It was the start of the Spanish summer, and for a boy with ambitions to be the first in his family to go to college, here was the payoff for getting through chemistry and besting Mrs. Prieto’s brutal English tests. The first day of the rest of his life.
But Alejandro Gea Vida almost didn’t bother to come.
“The future?” the 19-year-old senior said, rounding the corner to Angel de Saavedra High School. In a neighborhood that looked as if it had the wind knocked out of it, Antonio’s Photography Studio had just shut down, and even La Repera, the equivalent of a dollar store, had a “For Rent” sign on the window. “Not sure I know what we’re celebrating,” Alejandro said.
Reaching his cement block of a school, he shot up the stairs and hugged a pack of friends. “You good?” he said, slapping Álvaro Perea, a lanky graduate from last year, on the back. Perea, who should have been working as an X-ray technician by now, shrugged. He was looking for jobs in bars — and finding none — after cuts at public hospitals left him on the waiting list for an internship. No guarantees until 2018. “My brother got laid off at the power company. My father just took a pay cut,” Perea later said. “Things aren’t going too good in Cordoba right now.”
Beyond the invisible wall of his social clique, Alejandro was getting stares. In front of the school auditorium, the Class of 2013 was working it as best they could in the teenage wastelands of central Andalucia, where construction froze four years ago. The girls giggled in flea-market party dresses. The boys threw play punches, filling out their one good suit. But here was Alejandro, 30 minutes from taking the stage to claim his diploma, in a loose black T-shirt and jeans.
It was less an act of rebellion than a self-imposed reality check.
“Working-class,” he told himself earlier, when deciding to leave his suit at home. “That’s what I am, that’s what I’m going to be.”
In crisis-hit Europe, a senior’s dreams are smaller these days. Once, graduation would have been a celebration of upward mobility, a leap up toward a degree, maybe even a master’s, from a blue-collar world. Instead, it had become a study of the uncertainty gripping a continent confronting record-breaking unemployment. In a family in which no member had a full-time job, Alejandro, his parents and his older brother could almost feel themselves slipping a bit more every day. Their story is a glimpse into the new normal of lives torn apart by an economic storm.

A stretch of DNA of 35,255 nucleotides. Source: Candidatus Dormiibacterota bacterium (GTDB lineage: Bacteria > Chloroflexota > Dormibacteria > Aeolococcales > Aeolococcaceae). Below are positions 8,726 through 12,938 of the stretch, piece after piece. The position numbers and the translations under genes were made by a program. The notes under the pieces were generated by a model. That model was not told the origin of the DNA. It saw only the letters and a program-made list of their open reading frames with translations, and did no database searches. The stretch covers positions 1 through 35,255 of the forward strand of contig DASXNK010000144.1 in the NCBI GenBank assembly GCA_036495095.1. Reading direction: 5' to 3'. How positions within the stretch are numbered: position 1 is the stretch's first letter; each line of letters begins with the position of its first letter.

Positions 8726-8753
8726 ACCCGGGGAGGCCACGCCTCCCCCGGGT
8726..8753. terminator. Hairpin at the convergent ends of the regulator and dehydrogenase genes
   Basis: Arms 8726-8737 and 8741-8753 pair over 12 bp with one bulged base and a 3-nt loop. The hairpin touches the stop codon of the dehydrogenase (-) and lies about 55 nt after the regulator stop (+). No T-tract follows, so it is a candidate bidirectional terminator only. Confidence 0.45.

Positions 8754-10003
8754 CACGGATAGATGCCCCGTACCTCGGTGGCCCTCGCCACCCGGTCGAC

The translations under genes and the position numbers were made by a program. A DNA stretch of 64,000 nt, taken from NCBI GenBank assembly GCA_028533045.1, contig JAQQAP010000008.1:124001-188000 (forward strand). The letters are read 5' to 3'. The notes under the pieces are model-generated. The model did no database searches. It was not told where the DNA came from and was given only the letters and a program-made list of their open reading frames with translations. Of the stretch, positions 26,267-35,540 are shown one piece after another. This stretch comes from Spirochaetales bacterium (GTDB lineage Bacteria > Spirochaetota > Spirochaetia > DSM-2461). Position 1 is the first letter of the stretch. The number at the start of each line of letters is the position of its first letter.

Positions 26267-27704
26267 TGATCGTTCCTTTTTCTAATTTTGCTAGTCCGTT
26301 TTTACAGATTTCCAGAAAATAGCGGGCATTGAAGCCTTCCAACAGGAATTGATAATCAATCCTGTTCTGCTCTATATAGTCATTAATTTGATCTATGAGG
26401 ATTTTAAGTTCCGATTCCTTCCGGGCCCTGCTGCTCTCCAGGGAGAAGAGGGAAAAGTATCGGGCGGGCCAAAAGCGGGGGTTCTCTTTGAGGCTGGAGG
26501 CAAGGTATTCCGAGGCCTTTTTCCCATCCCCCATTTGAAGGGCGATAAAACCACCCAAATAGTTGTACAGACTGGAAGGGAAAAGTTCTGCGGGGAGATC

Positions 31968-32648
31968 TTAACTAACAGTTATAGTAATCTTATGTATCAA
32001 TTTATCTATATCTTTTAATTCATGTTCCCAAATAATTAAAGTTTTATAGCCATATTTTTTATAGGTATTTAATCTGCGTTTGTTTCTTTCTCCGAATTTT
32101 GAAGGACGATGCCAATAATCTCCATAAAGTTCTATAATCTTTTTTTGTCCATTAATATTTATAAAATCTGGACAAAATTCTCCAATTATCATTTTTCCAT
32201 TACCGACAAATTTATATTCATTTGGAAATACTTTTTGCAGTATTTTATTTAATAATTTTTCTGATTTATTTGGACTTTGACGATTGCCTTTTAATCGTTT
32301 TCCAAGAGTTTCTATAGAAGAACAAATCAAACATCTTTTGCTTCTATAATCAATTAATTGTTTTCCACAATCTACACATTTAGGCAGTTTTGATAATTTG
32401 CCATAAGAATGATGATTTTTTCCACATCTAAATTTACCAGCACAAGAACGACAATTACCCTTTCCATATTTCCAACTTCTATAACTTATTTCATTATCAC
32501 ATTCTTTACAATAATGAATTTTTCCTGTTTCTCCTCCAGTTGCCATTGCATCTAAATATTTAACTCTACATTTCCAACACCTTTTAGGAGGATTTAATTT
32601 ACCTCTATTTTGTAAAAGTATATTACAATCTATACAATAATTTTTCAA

It just kept coming. Alejandro’s application for college financial aid was rejected. His parents, Francisco and Josefa, fighting to keep the family home, were unable to pay his way. His brother, an avid fan of Che Guevara and Jesus Christ, had ditched school early to help out at home. Still jobless and scrounging odd day work in a city with nearly 60 percent youth unemployment, he wanted more for his brother.
And Alejandro wanted more for himself. But he was already weighing a Plan B: a free technical school and the long job line at McDonald’s.
As Alejandro strode up a flight of stairs, a classmate slapped him on the back. “You going to the dinner?” — an after-graduation class fete skipped by lots of seniors this year — the boy asked before disappearing in a cloud of aftershave. Alejandro said nothing, just kept walking toward the wide auditorium door.
“It’s going to cost 36 euros” — $48 — “so, no, I don’t think I’m going.”
This is life in the fallout of Europe’s debt crisis, where the No. 1 problem plaguing the continent has shifted from zigzagging bond markets and panicky investors to broken lives among the mind-boggling ranks of the unemployed. In Spain, a once-booming corner of Europe, unemployment has shot from 8.6 percent in 2007 to 26.3 percent today. Recovery here is being measured not in years, but in generations.
Seen from across the Atlantic, this is a crisis crippling a playground of American tourists and igniting worries of social instability in a part of the world counted on for troops alongside U.S. boots. But at the most micro level, it is a hope-depleting force for families such as the Gea Vidas who, like Spain itself, once believed in the European dream.
Spain, seen as a symbol of the future in the era of the euro, was reconquering lost glory only a decade ago, this time through an armada of bankers and real estate developers sailing a sea of cheap cash. Amid debt-fueled growth, anything seemed possible here. Alejandro’s grandparents grew up picking olives in the ashes of the Spanish civil war. But his mother, over the span of one magic decade, had climbed from dustbin to Main Street, leaving behind work as a house cleaner to own her own business.
Surely, the family figured, a future brighter than the Andalusian sun awaited the two Gea Vida boys. But in a bust this deep, the reality of a grim, long haul is settling in.
Josefa Vida Bermudez